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by Abigail Van Buren

Operation Dear Abby Is Casualty of Terrorist War

DEAR ABBY: I have sad news. Unfortunately, we are forced to cancel Operation Dear Abby for the 2001 holiday season. Recent mail-related attacks have demonstrated the vulnerability of the postal system. As a result, mail handling has become more sensitive and time-consuming. The increased volume of mail resulting from Operation Dear Abby, coupled with the increased manpower effort for Force Protection, has the potential of impacting both the quality of service and, more important, the safety provided to our military personnel.

Operation Dear Abby creates an avenue to introduce mail into the system from unknown sources. Our primary concern is the safety of the members of the armed forces who are forward-deployed in defense of our country.

I want to personally thank you for your long and distinguished service to the members of the armed forces of the United States of America. Your efforts and the efforts of your readers are acknowledged and appreciated by all service members. -- CAPT. E.M. DUCOM, U.S. NAVY, DEPUTY DIRECTOR, MILITARY POSTAL SERVICE AGENCY

DEAR CAPT. DUCOM: Thank you. I know your message will come as a disappointment to the many thousands of patriotic Americans who for the past 16 years have joyfully participated in sending cards and letters to our servicemen and women, and who had looked forward to Operation Dear Abby this year. While I, too, am extremely disappointed, I know I speak for my readers when I say the safety of our military personnel is paramount.

DEAR ABBY: My wife and I have enjoyed a happy marriage for the past nine years. We are financially secure and have a beautiful 2-year-old daughter. Aside from the occasional disagreement, I have had no complaints about our relationship.

However, my wife has taken up an activity that has begun to trouble me. It began about three years ago, when she resolved to make preparations in case of her untimely death. She purchased a life insurance policy and made out her will. This seems reasonable to me, but in addition, she also wrote her own eulogy. At the time I thought it was strange, but understandable. After all, it is important to be properly remembered.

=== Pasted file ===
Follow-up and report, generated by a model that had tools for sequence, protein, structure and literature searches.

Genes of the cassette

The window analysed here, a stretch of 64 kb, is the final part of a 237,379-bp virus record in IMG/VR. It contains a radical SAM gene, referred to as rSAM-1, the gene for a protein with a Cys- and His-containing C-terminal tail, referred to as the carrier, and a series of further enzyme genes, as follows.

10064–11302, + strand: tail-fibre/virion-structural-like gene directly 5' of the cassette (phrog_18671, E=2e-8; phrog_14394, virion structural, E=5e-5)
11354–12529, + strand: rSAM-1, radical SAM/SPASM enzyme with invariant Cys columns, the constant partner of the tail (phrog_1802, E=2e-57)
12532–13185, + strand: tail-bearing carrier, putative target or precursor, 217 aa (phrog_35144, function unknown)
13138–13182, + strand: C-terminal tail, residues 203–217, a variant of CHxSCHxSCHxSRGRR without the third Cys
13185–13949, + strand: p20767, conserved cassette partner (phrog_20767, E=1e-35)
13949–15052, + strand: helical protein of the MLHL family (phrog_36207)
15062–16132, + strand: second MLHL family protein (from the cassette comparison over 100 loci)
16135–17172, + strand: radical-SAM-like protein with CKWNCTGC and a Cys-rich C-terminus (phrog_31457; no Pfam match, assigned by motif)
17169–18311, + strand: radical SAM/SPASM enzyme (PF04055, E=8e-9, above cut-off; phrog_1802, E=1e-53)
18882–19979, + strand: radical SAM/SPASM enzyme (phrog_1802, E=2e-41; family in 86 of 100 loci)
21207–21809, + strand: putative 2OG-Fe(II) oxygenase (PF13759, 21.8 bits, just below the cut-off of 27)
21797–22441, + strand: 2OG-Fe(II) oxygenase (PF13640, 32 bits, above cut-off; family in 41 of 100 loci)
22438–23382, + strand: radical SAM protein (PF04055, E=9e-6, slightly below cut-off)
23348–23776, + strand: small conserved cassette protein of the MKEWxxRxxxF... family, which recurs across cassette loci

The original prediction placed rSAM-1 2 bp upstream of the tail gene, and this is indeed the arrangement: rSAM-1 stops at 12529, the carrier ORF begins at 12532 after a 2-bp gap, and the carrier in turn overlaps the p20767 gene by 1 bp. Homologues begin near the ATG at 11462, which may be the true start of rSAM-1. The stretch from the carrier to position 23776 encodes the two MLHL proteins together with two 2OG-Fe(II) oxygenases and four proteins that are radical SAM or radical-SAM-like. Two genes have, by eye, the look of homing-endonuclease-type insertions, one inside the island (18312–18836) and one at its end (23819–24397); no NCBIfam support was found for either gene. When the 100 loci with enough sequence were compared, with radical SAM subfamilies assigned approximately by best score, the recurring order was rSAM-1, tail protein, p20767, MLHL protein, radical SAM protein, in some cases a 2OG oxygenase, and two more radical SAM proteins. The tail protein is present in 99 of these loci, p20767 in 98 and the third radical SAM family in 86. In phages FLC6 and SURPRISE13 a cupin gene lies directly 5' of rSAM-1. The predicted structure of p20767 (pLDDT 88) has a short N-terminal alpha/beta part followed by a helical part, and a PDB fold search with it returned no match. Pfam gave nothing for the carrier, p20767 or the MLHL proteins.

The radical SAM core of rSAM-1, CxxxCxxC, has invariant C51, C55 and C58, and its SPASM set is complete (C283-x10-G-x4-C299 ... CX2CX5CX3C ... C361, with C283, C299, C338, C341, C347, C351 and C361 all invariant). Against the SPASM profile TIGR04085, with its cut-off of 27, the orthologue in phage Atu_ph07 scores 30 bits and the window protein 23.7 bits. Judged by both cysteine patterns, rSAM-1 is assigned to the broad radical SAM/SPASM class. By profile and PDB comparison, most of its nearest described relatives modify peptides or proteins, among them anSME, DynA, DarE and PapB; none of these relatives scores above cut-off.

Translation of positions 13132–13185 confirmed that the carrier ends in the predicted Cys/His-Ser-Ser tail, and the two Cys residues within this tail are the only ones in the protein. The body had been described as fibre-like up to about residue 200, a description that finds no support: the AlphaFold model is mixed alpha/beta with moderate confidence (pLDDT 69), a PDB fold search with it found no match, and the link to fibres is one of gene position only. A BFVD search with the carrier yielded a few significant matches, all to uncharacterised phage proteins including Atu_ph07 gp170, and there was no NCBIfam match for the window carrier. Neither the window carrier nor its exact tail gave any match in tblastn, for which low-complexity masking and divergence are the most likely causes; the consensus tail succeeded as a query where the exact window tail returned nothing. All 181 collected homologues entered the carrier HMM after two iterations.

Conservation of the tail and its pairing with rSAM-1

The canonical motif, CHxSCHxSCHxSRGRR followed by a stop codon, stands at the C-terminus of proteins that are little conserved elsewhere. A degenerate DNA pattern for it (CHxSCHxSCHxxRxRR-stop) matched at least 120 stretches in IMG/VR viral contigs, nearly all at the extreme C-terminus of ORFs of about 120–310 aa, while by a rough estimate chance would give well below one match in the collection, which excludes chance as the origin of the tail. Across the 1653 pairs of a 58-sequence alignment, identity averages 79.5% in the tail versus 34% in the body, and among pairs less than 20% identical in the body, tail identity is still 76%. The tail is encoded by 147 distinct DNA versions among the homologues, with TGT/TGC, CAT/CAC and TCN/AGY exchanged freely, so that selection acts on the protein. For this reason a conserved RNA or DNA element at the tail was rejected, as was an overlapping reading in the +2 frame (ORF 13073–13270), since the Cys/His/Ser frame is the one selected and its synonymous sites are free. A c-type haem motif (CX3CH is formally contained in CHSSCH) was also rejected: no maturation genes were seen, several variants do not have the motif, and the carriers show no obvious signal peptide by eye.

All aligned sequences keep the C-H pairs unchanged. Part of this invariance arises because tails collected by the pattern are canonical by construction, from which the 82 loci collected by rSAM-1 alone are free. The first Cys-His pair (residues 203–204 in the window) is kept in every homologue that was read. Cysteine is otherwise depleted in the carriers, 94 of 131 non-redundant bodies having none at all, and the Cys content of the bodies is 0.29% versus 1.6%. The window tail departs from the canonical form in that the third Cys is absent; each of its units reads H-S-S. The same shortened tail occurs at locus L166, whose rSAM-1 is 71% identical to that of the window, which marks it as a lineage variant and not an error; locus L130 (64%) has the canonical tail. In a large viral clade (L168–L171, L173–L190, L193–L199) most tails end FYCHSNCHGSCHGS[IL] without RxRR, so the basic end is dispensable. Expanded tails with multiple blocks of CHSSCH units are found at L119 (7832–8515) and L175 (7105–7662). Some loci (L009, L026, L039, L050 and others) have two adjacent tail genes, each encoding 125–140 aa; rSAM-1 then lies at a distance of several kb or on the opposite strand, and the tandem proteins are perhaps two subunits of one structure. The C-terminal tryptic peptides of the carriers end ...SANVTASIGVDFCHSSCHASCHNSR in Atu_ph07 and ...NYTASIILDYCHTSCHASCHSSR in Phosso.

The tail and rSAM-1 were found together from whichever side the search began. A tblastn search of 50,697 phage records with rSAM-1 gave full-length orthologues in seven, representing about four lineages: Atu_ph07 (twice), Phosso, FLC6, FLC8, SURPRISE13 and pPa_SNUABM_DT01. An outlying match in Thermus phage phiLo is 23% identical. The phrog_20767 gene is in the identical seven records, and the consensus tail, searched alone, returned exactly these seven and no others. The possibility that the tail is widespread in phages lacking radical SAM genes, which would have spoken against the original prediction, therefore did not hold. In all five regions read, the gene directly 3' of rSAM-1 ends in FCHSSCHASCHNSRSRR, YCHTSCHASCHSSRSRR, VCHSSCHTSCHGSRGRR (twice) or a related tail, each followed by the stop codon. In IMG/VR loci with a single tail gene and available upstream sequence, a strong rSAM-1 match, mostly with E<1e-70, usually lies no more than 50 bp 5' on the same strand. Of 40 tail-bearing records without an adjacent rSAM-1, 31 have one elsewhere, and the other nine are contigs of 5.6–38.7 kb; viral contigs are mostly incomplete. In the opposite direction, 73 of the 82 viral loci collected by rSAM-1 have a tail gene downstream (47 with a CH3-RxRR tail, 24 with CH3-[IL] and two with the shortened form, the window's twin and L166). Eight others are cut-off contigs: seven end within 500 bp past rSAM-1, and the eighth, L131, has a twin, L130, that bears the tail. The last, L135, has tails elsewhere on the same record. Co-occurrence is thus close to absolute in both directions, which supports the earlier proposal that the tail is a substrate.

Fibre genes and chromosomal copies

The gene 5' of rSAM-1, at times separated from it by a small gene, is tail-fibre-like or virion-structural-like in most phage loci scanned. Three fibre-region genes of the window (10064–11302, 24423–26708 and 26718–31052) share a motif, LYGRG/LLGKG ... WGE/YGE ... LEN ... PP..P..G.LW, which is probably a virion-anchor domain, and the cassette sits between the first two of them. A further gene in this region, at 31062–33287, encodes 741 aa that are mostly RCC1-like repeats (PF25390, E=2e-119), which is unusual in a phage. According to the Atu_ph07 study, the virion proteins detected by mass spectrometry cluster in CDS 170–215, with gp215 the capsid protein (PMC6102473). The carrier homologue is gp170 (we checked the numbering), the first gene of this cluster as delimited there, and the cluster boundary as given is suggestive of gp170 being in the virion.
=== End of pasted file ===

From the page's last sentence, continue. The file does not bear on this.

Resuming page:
What is disturbing is that my wife has begun revising her eulogy to include the major events of her life as they happen. She has done it more than 20 times since originally making out the speech. It has become her hobby. In fact, upon recently returning from a good friend's wedding, she spent the better part of a Saturday working the experience into her document.

This pastime cannot be healthy. How can my wife live her life if she constantly reminds herself of her death? We have discussed this several times. She doesn't understand why this bothers me, nor does she particularly want to talk about it. Am I worrying for nothing? -- CONCERNED HUSBAND IN THE SOUTH

DEAR CONCERNED: Your wife's new hobby is bizarre, but if she is exhibiting no signs of depression or personality changes, it's probably nothing to worry about. She may feel she has no control over how she will die, but can control what's said about her. Or perhaps she's a frustrated writer. I am intrigued, however, how she got it into her that someone attending her funeral would be interested in hearing about the weddings she has attended. At the rate she's going, your wife may have the longest funeral in history.

Dear Abby is written by Pauline Phillips and daughter Jeanne Phillips.

For everything you need to know about wedding planning, order "How to Have a Lovely Wedding." Send a business-size, self-addressed envelope, plus check or money order for $5 (U.S. funds only) to: Dear Abby, Wedding Booklet, P.O. Box 447, Mount Morris, IL 61054-0447. (Postage is included.)

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